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心臟衰竭患者的醫療照護事前指示

心臟衰竭患者的醫療照護事前指示

What medical procedures would you want if you were too ill to speak for yourself? That is the basic question all advance directives address. But it is unanswerable for anyone who is not both a physician and a fortuneteller, who knows what illness you will have and what therapy options you will face.

What is your goal?

The overarching guideline to an advance directive is the patient's goals of care. Goals of care change as heart failure reveals itself, has periods of exacerbation and recovery and eventually becomes terminal.

Drugs, devices and self-management can prolong life and should be optimized. At the same time, you and your cardiologist should hold ongoing conversations about end-stage heart failure and what treatments may be efficacious or futile as your disease progresses. Talk about initiating comfort measures and avoiding unnecessary tests. If you have a defibrillator, talk about when it should be de-activated. Talk about resuscitation and emergency procedures in the event of sudden decline and as preparation for anticipated progressive decline. Talk about hospice.

If the goal of care is to be at home with family, it is not in your best interest to call an ambulance or be admitted to the hospital. Your doctor can sign a Do Not Leave Home (DNLH) order that tells emergency medical technicians you do not want to be taken to the hospital or emergency department. See below for other doctor's orders.

Only in the event of serious illness

Even with an advance directive in place, if you become ill or injured with expectation of a full recovery and return to your regular routine, your advance directive is not pertinent. An advance directive is enforceable only when you are seriously ill and cannot speak for yourself.

Care you do want

Even with an advance directive in place, if you become ill or injured with expectation of a full recovery and return to your regular routine, your advance directive is not pertinent. An advance directive is enforceable only when you are seriously ill and cannot speak for yourself.

Comfort care can include the following, and more:

  • Treatment for pain
  • Treatment for nausea
  • Preventing/addressing bedsores
  • Spiritual care for patient and family
  • Psychological care for patient and family
  • Any care that eases pain and suffering
  • Receiving skin care with body lotions
  • Receiving routine moistening of mouth and eyes when drying occurs
  • Having loved ones be able to visit at any time
  • Receiving gentle massage and passive range-of-motion exercises to prevent stiffness
  • Having favored music played
  • Arrangements to donate your organs after your death
  • Arrangements to undergo an autopsy after your death

Physician orders

Some orders must come from your physician, who uses a specific form recognized by the medical community. A Do Not Resuscitate (DNR) order is probably the most familiar, but there are others used to convey a patient's wishes. For example, active comfort care orders might include Allow Visitors Extended Hours (AVEH) and Inquire About Comfort twice daily (IAC b.i.d.).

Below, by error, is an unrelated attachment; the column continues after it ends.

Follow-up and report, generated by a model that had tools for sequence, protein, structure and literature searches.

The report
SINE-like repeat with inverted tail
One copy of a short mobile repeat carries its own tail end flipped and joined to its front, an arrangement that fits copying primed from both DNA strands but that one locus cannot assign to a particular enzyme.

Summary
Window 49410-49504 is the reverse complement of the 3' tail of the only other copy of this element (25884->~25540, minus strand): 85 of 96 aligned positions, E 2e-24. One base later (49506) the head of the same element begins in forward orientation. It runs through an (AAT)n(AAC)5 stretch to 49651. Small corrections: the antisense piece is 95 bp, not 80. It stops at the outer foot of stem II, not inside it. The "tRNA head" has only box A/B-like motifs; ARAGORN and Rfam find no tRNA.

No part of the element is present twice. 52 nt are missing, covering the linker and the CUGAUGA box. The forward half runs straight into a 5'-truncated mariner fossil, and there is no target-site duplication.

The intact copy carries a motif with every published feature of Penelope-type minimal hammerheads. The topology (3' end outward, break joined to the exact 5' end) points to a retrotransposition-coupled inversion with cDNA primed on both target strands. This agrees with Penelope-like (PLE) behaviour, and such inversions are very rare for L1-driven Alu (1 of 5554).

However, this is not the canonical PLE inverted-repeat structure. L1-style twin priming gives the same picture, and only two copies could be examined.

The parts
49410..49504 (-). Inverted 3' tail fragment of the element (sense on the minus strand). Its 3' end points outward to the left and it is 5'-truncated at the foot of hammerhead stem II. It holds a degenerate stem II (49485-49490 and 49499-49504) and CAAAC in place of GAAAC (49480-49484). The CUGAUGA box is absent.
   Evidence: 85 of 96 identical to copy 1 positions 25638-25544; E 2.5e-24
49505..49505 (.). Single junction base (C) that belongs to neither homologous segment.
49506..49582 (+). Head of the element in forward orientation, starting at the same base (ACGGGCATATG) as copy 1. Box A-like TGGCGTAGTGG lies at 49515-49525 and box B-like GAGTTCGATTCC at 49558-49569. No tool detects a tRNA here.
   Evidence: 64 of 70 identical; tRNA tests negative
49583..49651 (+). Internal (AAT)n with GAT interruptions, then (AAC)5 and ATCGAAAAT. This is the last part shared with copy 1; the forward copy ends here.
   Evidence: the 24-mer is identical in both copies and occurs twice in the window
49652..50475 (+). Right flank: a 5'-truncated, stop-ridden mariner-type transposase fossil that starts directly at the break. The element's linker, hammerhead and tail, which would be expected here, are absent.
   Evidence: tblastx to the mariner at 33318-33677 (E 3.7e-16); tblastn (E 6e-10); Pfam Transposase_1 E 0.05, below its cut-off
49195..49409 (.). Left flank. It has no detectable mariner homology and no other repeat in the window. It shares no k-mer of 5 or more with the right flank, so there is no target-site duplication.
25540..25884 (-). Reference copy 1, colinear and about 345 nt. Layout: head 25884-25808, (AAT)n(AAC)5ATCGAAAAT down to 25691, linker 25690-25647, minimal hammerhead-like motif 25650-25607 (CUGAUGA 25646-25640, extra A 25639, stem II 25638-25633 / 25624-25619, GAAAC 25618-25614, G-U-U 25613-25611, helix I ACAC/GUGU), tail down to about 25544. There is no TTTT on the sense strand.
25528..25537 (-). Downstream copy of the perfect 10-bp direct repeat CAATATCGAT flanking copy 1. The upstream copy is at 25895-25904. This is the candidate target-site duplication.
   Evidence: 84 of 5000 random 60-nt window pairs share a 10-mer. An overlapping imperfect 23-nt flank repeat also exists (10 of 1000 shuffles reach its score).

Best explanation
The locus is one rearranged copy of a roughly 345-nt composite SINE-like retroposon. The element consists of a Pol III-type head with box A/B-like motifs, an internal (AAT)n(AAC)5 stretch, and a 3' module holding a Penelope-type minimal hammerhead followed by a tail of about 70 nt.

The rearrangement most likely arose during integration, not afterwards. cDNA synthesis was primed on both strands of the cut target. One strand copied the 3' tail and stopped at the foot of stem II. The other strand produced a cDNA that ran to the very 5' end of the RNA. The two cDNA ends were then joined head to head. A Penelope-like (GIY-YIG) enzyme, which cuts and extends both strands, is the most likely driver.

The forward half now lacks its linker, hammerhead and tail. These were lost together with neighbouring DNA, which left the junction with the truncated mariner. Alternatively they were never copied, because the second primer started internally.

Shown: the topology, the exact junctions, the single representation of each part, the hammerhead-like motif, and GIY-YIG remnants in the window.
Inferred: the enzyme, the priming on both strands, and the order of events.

Any physician order in your medical or personal files should be re-evaluated periodically. Does it reflect your wishes? Does it reflect your current medical needs?

Physician orders include: 

  • Allow Visitors Extended Hours (AVEH) order
  • Full Comfort Care Only (FCCO) order
  • Do Not Intubate (DNI) order
  • Do Not Defibrillate (DND) order
  • Do Not Leave Home (DNLH) order
  • Do Not Resuscitate (DNR) order, also called an Allow Natural Death (AND) order
  • Do Not Transfer (DNTransfer) order
  • Inquire About Comfort (IAC) order
  • No Intravenous Lines (NIL) order
  • No Blood Draws (NBD) order
  • No Feeding Tube (NFT) order
  • No Vital Signs (NVS) order (Source, found 6-5-2015)

Put your thoughts in writing

As you complete your advance directive, think about the benefits and burdens of these therapies, and put your thoughts in your advance directive. In the event that you cannot speak for yourself, your advance directive will help your healthcare surrogate, your family and your physicians to know what your values are and what choices you have made.

Therapies for Patients and Families

  • Antibiotics—for infections in the urinary tract, due to bedsores, from aspiration pneumonia, or the like
  • Artificial nutrition—nutrients provided via a tube into the stomach, intestine or vein
  • Chemical code—permits the use of drugs, but not cardiopulmonary resuscitation (CPR), for resuscitation
  • Continuous positive airway pressure/Bilevel positive airway pressure (CPAP/BiPAP)—delivery of oxygen through a mask
  • Cardiopulmonary resuscitation—mouth-to-mouth resuscitation
  • Defibrillator or pacemaker—a device implanted in the patient to deliver a therapeutic electric shock to treat irregular heartbeats
  • Dialysis—kidney machine
  • Do Not Resuscitate order—instructions not to perform cardiopulmonary resuscitation if heart or breathing stops
  • Feeding tube—nutrition through a tube down your throat
  • Intravenous (IV) fluids—nutrition via fluid through a vein
  • Total parenteral nutrition (TPN)-nutrition delivered through a needle or catheter placed in a vein. Also referred to as hyperalimentation
  • Transfusions—often of blood or blood products
  • Ventilator—breathing machine
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